June 21, 2015

More than two centuries of waffling in the dark

Comment on Nick Edmonds on ‘Keenonomics, aggregate demand/change of debt, and some misleading critique’


Nick Edmonds quotes me correctly: “…the business sector’s investment expenditures are never equal to the household sector’s saving..” and then asks: “Does anyone say they are generally equal?”

Yes, and this is well known among economists.

“As is well known, and taking over that argument from Smith, both Ricardo and Malthus in England and Say and Sismondi on the Continent always identified decisions to save with decisions to invest. Since they all considered as a fact that ‘what is annually saved is as regularly consumed as what is annually spent, and nearly in the same time too’ (Smith, 1776, vol. I, pp. 337–8), the question of a possible divergence between saving and investment was never asked.” (Bridel, 1987, p. 1)

Nick Edmonds is ignorant of the history of economic thought. Worse, he does not understand the significance of the question at issue. The I-equals-S assertion is not only more than 200 years old but there has always been an uneasy feeling that there must be something deeply wrong with the whole idea.

“For the best part of the last two centuries, this equality (and the ways by which it comes to be established) has been at the heart of long and protracted debates. Indeed, two of the most fruitful periods in the history of economic thought were entirely devoted to this riddle which, still today, is far from being satisfactorily solved. For all the participants in the ‘general glut controversy’ as well as for Keynes and all the leading economists of the interwar period, the saving-investment problem was the key to macroeconomic stability.” (Bridel, 1987, p. 1)

Some observers correctly noted that nothing had been solved and that the participants could not even rise above the level of senseless filibustering.

“Throughout the 1920s and 1930s the focus was increasingly on the role of the equality of saving and investment, but the semantic squabbles that dominated much of the debate (the distinctions between "ex-ante," and "ex-post," "planned" and "realized" saving and investment, the discussion of whether the equality of saving and investment was an identity or an equilibrium condition) reflected a deeper confusion. It was just not clear how shifts in saving and investment affected output.” (Blanchard, 2000, p. 1378)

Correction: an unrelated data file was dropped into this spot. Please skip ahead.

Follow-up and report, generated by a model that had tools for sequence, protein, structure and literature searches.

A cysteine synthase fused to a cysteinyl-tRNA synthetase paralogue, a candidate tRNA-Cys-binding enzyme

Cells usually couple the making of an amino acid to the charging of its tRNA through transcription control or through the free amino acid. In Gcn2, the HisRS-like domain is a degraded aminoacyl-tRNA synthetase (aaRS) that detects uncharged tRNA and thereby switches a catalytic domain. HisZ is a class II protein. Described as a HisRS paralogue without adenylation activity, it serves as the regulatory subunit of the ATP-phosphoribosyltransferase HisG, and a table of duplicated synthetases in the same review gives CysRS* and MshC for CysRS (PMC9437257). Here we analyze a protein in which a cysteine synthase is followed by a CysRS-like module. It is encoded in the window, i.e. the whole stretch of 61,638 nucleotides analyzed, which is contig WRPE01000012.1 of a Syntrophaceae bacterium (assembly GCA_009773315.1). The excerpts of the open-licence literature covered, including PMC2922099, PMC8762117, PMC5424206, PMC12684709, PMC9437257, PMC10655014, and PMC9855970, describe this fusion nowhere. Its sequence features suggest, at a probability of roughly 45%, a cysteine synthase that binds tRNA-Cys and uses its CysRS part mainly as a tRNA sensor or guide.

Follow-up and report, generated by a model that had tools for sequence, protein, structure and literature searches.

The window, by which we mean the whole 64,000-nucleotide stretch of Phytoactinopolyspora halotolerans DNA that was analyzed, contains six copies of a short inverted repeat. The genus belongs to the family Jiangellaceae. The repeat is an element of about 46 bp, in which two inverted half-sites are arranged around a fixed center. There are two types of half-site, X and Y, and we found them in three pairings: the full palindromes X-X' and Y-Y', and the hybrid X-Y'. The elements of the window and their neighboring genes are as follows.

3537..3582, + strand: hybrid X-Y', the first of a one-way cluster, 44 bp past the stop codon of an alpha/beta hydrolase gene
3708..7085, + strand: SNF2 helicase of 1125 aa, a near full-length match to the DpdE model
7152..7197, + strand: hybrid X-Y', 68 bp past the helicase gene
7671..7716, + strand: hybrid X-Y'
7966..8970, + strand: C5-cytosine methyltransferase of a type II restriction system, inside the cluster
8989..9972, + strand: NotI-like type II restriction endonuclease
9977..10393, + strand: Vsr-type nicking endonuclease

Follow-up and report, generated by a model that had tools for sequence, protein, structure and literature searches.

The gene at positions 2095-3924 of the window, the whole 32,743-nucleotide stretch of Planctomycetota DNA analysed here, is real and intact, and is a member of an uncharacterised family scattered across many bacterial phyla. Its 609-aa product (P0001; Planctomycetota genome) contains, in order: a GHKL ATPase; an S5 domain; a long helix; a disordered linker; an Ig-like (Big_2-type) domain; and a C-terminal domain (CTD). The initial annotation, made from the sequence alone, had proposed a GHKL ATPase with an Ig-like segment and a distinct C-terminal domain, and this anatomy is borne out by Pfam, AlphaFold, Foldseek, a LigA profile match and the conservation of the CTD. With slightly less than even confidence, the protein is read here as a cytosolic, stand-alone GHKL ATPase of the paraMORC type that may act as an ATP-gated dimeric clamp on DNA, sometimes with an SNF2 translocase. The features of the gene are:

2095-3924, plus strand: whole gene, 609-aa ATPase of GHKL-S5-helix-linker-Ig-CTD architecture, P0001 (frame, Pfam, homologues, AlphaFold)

Ok, this was in the old days. We have made tremendous progress recently. Nobody talks any more about the equality of saving and investment — except perhaps Paul Krugman: “An excess of desired investment over desired savings can lead to economic expansion, which drives up income. And since some of the rise in income will be saved – and assuming that investment demand doesn’t rise by as much – a sufficiently large rise in GDP can restore equality between desired savings and desired investment at the new interest rate.” (2011)

This is what Adam Smith told us already. The answer to the self-debunking question “Does anyone say they are generally equal?” should be pretty obvious by now.

What I have clearly stated is that all variants of IS stories are provably false and this includes Krugman's IS-LM versions and Wren-Lewis's inventory story and Edmonds definitional shell game (2014), (Wren-Lewis, 2012), (E.K-H, 2014).#1

The irrevocable conclusion is that I-equals-S has always been and still is the epitome of utter confusion and scientific incompetence. And here we can agree: this is all pretty standard stuff in economics.

This brings us to the crucial question: “In economics we should strive to proceed, wherever we can, exactly according to the standards of the other, more advanced, sciences, where it is not possible, once an issue has been decided, to continue to write about it as if nothing had happened.” (Morgenstern, 1941, pp. 369-370)

With Qre≡I−S the issue has been decided. How could Paul Krugman, Simon Wren-Lewis, Nick Edmonds, and not to forget Severin Reissl, be prompted to adhere to the standards of the more advanced sciences?

Egmont Kakarot-Handtke

Blanchard, O. (2000). What Do We Know about Macroeconomics that Fisher and Wicksell Did Not? Quarterly Journal of Economics, 115(4): 1375–1409. URL
Bridel, P. (1987). Saving equals Investment. In J. Eatwell, M. Milgate, and P. Newman (Eds.), The New Palgrave Dictionary of Economics Online, pp. 1–5. Palgrave Macmillan, 1st edition. URL
E.K-H (2014). The subtle distinction between storytelling and science. Blogpost. URL
Kakarot-Handtke, E. (2014). Mr. Keynes, Prof. Krugman, IS-LM, and the End of Economics as We Know It. SSRN Working Paper Series, 2392856: 1–19. URL
Krugman, P. (2011). IS-LMentary. New York Times, The Opinion Pages, Online, October 9. URL
Morgenstern, O. (1941). Professor Hicks on Value and Capital. Journal of Political Economy, 49(3): 361–393. URL
Wren-Lewis, S. (2012). Savings Equals Investment? Blog post. URL

#1 See the I=S cross-references for blog posts and the formal proof